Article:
Tuesday, July 22, 2008

Useful tools

Couple quick grabs here.

First, Medgadget mentioned a front end to PubMed that looks interesting called Ologeez (as in plural for the suffix "-ology" - those Stanford kids are clever). They basically apply the hive mind/social bookmarking/Digg/aggregator schemes that are all the rage right now to rate, recommend, and tag papers. I'll be messing with that more in a month or so, but it looks like a very beefed up version of CiteULike, which is kinda "Meh". Anyone have experience with Ologeez?

On the topic of PubMed, the is an iPhone App called PubGet which allows quick, on-the-go searching. It's actually just a mobile version of the PubGet site, but I didn't know PubGet existed and this brought my attention to it. It offers direct display of the linked PDFs, and is basically everything PubMed should be in a much more compact interface, but remember that you will have to be on your campus network to actually view full articles (or connected via VPN). I did a few quick searches and it was surprisingly good. I haven't tested whether it works at Brown (or any institutions not signed up through the site, which appears to total 7), but when I am back on campus I will test it out and report back.

Next, Microsoft's Live Mesh is now open to the public, at least as of right now there are spots, and it looks very very cool IMO. They did an incredibly crappy job of advertising it, but basically it is the same thing as Apple's MobileMe, but with a respectable history of actually working (neener neener neener). It takes the features of FolderShare, which I absolutely love, adds 5GB of online storage, public doc sharing, and remote access (in IE only for remote access) across any number of PCs, Macs, and mobile devices. I have an account, but haven't had time to set it up, so again, I'll report back when I do. Chances are that this will not remain free once released, but I would expect it to be bundled with every MS app purchase, and with so much competition in this particular market, I expect it to be cheap on its own (I'm thinking $40/year, if they don't have some type of tiered service where another $10 gets you 25GB and music streaming, or some such tactic).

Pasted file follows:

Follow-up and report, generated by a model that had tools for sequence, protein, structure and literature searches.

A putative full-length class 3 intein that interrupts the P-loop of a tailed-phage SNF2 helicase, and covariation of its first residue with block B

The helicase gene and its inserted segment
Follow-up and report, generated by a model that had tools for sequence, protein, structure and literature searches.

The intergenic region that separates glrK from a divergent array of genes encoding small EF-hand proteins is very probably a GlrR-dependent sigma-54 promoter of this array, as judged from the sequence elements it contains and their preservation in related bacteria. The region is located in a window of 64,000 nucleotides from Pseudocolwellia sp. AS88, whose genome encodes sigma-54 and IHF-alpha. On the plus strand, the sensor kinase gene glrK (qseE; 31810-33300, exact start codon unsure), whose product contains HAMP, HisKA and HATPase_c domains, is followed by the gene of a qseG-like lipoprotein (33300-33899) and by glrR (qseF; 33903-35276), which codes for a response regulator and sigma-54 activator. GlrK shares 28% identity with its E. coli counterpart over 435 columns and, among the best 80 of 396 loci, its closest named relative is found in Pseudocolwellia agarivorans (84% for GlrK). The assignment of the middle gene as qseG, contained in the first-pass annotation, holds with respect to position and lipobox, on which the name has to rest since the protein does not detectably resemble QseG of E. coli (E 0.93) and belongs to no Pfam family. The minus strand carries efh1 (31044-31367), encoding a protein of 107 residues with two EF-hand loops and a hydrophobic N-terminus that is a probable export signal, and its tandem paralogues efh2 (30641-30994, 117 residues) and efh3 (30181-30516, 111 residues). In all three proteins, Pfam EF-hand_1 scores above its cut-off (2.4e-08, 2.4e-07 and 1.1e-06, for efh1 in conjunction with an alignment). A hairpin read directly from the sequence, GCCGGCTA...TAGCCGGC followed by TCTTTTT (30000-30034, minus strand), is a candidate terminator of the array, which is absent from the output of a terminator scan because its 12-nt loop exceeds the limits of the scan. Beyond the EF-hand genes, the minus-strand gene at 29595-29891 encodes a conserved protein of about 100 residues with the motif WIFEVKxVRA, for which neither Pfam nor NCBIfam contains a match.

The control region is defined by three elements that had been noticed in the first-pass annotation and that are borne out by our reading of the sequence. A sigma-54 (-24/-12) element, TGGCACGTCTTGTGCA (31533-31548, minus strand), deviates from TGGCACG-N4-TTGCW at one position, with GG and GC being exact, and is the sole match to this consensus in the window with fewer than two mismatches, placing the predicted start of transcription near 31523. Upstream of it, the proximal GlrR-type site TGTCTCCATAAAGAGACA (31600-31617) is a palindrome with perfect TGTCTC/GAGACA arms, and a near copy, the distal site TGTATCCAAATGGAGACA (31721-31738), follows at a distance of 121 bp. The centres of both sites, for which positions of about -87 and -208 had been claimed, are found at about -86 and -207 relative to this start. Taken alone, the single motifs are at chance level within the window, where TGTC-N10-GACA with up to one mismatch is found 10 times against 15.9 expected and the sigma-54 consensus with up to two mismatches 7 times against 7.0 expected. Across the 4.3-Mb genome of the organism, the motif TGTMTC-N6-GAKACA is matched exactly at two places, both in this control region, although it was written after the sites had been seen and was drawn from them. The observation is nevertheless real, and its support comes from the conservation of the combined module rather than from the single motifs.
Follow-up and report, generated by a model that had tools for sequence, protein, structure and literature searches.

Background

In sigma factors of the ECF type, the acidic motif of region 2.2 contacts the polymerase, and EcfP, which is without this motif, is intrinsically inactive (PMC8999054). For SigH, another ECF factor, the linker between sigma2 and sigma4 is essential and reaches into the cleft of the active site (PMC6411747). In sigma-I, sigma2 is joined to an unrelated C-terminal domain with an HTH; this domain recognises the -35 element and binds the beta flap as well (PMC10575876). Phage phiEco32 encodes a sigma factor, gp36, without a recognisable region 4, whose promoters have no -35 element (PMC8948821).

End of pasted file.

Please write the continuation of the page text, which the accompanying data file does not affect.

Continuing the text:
Next up, two quick Windows apps. I have been on a hunt for the perfect launcher to help me declutter. If you want an OS X rip off with more functionality than Apple allows, RocketDock looks like the way to go. Low memory footprint, smooth, customizable. BUT, inefficient for my needs. I have really been liking SideSlide, which creates a little work area with different hide-able panes. Oh yeah, and they're both free.

If you deal with constant file operations, like renaming, selective copying, etc then you know that Explorer is limited. Xplorer2 is like Windows Explorer on steroids (free and pay-for versions). Think a million and one keyboard shortcuts, multipaned interface, saved layouts, and you've begun to scratch the surface.

Vista, for some ungodly reason, finds that copying files it tough. Part of this has to do with a bug that neither antivirus makers or Microsoft want to acknowledge, but you can avoid it by using TeraCopy. It basically copies. Yeah, you'd think a modern OS could accomplish that. Also, it will integrate into the shell, so you can just use it instead of the built in copying technique, which apparently requires a delicate combination of black magic, luck and celestial alignment for proper operation. Of course, it does do a good deal more, like batch jobs, schedules, and resumable/selectable jobs, too.

TrueCrypt is now on version 6. Major change? You can now boot into a completely separate, fake account which appears to be the primary account, hiding all evidence of the real partition. Good for when you are planning on leaving or entering good ole xenophobic USA. Get ready for SfN folks!

And lastly, a quick tip. If you have virtual stacks and stacks of audiobooks, but can't get them to show up in iTunes as, well, Audiobooks, the solution is simple. iTunes only recognizes .m4b files as audiobooks. That's the way Steve wants it, and you should want it like that, too. Really? No, not really. I'm being sarcastic. To convert those lovely gems, I like Easy CD-DA Audio Extractor, which converts every type of audio to every other type. I haven't looked around lately, but might, since the copy protection/licensing scheme keeps getting worse and worse with each version, bogging down the whole damn program. But, if you have a preferred program, go ahead and post it. Anyhow, re-encode those novels at 64kbps/mono and save yourself mucho space. You might be tempted to merge the files then, but don't. You'll have to put up with several files for each book due to a long-standing bug that Apple hasn't fully corrected that causes larger books to crash iPods and iTunes. You can use something like ReNamer to rename the files something convenient in the meantime, or TagScanner - my favorite IDv2 tagger - to tag and rename them. TagScanner is nice because it will add every type of tag to avoid situation where a program or device will first try to read IDv1 tags first or doesn't support IDv2 tags

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